Clinical Validation of an Alternative Specimen Collection Kit for SARS-CoV-2 Testing at Fox Chase Cancer Center

Don A. Baldwin, Cheyenne R. Gigli, Tim Kwok, Sharon Connelly, James L. Helstrom, Barbara Ebersole, Eric A. Ross, Michael Araten, Joel Glickman, Robert Glickman, Eric M. Horwitz

Research output: Contribution to journalArticlepeer-review


Background: Supply chain disruptions during the COVID-19 pandemic have affected the availability of components for specimen collection kits to detect SARS-CoV-2. Plastic injection molding offers a rapid and cheap method for mass production of swabs for upper respiratory tract sampling. Local production of virus transport medium increases flexibility to assemble sample collection kits if the medium provides appropriate stability for SARS-CoV-2 detection. Methods: A locally produced virus transport medium and a novel injection molded plastic swab were validated for SARS-CoV-2 detection by reverse-transcription quantitative polymerase chain reaction. Both components were compared to standard counterparts using viral reference material and representative patient samples. Results: Clinical testing showed no significant differences between molded and flocked swabs. Commercial and in-house virus transport media provided stable test results for over 40 days of specimen storage and showed no differences in test results using patient samples. Conclusions: This collection kit provides new supply chain options for SARS-CoV-2 testing.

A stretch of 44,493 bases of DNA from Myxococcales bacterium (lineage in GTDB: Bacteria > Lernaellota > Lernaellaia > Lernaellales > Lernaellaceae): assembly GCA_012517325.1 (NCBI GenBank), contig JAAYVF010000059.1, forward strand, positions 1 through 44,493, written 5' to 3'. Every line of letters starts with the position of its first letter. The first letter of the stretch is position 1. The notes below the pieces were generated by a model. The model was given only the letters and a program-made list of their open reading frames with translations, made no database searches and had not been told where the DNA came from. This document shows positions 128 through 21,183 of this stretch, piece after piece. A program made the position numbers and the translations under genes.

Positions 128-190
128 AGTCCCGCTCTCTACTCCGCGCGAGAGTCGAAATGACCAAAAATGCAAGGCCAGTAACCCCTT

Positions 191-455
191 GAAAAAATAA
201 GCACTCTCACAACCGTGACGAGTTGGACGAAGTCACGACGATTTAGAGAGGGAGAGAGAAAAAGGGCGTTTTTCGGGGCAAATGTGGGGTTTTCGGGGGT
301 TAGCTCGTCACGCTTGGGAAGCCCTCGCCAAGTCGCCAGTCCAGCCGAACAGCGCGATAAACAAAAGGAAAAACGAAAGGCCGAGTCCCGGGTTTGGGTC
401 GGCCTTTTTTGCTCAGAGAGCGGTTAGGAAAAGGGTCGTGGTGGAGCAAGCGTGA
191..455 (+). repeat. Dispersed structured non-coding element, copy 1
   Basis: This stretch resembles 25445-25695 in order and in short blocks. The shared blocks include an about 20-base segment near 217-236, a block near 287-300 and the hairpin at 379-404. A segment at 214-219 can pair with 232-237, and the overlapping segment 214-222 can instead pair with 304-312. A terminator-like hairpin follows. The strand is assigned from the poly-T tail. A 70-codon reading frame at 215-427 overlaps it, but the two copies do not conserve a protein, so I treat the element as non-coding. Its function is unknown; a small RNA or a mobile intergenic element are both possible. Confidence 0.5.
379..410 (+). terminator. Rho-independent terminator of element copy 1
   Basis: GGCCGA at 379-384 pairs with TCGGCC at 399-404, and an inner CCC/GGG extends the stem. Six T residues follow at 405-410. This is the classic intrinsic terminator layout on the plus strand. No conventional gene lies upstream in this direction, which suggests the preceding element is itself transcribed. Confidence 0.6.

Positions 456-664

Original languageEnglish
Article number3fc1f5fe.2008dbc6
JournalJournal of Biomolecular Techniques
Issue number3
StatePublished - Sep 15 2022


  • COVID-19
  • COVID-19 Testing
  • Culture Media
  • Humans
  • Nasopharynx/chemistry
  • Neoplasms
  • Pandemics
  • RNA, Viral
  • SARS-CoV-2
  • Specimen Handling/methods


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